Target Audience Honesty

Screen Shot 2014-12-03 at 5.06.22 PMOver the past four years I’ve written and read many middle grade book reviews. My favorite ones though appear every week in the local paper from a very reliable source: boys and girls age 10-14. That’s where I can find out what MG kids like and don’t like in literature. Compared to adults, these young journalists often have a different opinion when reviewing the newest offering on the bookshelf. Here’s proof with these sample comments from recent reviews:

  • It’s just the beginning that really bothered me and made me want to throw the book away.
  • There was some bad language that made me feel uncomfortable and was not necessary.
  • I feel that this book was a waste of time in the sense of other great books in the world.
  • This book had a lot of funny parts, but part of the book just dragged on and on and had no action.

They also aren’t shy about sharing positive comments:

  • I could not put this book down after I started reading it.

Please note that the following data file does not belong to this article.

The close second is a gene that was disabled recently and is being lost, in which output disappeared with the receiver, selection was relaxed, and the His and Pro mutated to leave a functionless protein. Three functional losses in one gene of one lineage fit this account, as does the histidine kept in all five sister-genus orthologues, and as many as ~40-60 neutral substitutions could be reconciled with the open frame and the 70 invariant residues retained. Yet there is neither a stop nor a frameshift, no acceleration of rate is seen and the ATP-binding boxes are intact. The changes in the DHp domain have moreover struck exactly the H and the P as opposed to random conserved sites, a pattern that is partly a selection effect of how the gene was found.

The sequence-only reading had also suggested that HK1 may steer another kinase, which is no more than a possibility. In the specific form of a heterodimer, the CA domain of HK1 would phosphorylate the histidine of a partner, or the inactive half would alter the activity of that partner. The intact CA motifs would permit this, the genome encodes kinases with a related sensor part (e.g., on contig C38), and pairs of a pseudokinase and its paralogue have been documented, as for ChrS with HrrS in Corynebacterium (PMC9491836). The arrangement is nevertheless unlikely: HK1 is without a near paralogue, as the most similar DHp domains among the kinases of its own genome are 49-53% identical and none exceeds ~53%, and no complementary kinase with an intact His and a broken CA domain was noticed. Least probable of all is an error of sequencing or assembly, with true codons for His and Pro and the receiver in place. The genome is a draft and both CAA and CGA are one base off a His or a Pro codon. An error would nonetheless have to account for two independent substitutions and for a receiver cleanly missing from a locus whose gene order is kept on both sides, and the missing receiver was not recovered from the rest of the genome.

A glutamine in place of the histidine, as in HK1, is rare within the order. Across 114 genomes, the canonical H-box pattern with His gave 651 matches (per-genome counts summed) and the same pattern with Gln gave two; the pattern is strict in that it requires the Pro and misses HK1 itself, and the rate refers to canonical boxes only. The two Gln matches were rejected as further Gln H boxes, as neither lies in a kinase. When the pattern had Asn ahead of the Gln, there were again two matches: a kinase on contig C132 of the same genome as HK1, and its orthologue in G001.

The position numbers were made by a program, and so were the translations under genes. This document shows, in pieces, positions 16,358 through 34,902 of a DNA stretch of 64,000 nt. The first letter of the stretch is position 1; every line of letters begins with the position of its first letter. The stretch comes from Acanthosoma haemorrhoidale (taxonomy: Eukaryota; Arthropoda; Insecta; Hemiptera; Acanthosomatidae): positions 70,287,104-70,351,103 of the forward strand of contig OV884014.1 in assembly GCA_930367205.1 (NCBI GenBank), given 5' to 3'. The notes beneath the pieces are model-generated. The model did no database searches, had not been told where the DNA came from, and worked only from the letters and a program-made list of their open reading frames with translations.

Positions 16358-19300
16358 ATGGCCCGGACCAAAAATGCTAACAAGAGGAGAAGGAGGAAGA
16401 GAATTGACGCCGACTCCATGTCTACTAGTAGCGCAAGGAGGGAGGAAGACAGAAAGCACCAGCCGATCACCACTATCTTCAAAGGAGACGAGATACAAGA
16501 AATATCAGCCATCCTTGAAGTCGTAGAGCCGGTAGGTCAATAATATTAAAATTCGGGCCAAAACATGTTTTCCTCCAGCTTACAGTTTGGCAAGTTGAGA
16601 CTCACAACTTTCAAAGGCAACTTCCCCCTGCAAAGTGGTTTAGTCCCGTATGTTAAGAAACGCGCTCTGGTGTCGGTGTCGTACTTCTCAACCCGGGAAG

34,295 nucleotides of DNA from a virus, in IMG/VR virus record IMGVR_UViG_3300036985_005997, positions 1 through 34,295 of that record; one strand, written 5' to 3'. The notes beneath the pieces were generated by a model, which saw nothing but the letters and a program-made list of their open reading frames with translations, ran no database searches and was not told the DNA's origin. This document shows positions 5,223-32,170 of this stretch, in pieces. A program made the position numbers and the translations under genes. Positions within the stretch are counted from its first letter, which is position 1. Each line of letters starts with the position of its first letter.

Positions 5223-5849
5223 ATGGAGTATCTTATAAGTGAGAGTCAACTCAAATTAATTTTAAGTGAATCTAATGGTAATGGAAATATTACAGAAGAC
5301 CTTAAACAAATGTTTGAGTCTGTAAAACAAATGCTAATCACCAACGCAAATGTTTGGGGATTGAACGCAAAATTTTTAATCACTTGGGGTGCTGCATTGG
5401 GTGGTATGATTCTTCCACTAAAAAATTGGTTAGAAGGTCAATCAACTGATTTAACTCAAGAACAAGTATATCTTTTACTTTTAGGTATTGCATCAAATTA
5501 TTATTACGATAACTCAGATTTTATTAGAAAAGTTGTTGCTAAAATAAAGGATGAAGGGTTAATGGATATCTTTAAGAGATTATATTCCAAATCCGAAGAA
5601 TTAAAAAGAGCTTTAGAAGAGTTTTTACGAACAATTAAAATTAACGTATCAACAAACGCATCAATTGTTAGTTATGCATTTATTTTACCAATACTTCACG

• At times, it even left me in tears.
  • …an amazing book that has a lot of emotion and love.

These Colorado Kids review mostly books, but also take a look at current movies, theater, tourist attractions, and almost anything else young readers would be interested in. Here is the link to their MG and YA book reviews. You might find a few stocking stuffers for your young readers.

Meanwhile, I’m heading back to writing my own MG story with the advice learned from these reviews. Basically write a story that is not confusing, makes you laugh and cry, is never boring, includes some action, and has an ending with no loose parts. Whew, a tall order indeed.


About Greg Pattridge

Climbing another mountain...writing middle grade novels.
This entry was posted in Reading, Reviews, Writing and tagged , , , . Bookmark the permalink.

2 Responses to Target Audience Honesty

  1. As writers, we can’t read too much, but this kind of targeted reading may be the best. Sounds like you are on to a good source.

  2. I agree, kids usually give the best feedback. They can be a tough audience! Another source with young reviewers is San Francisco Book Reviews.

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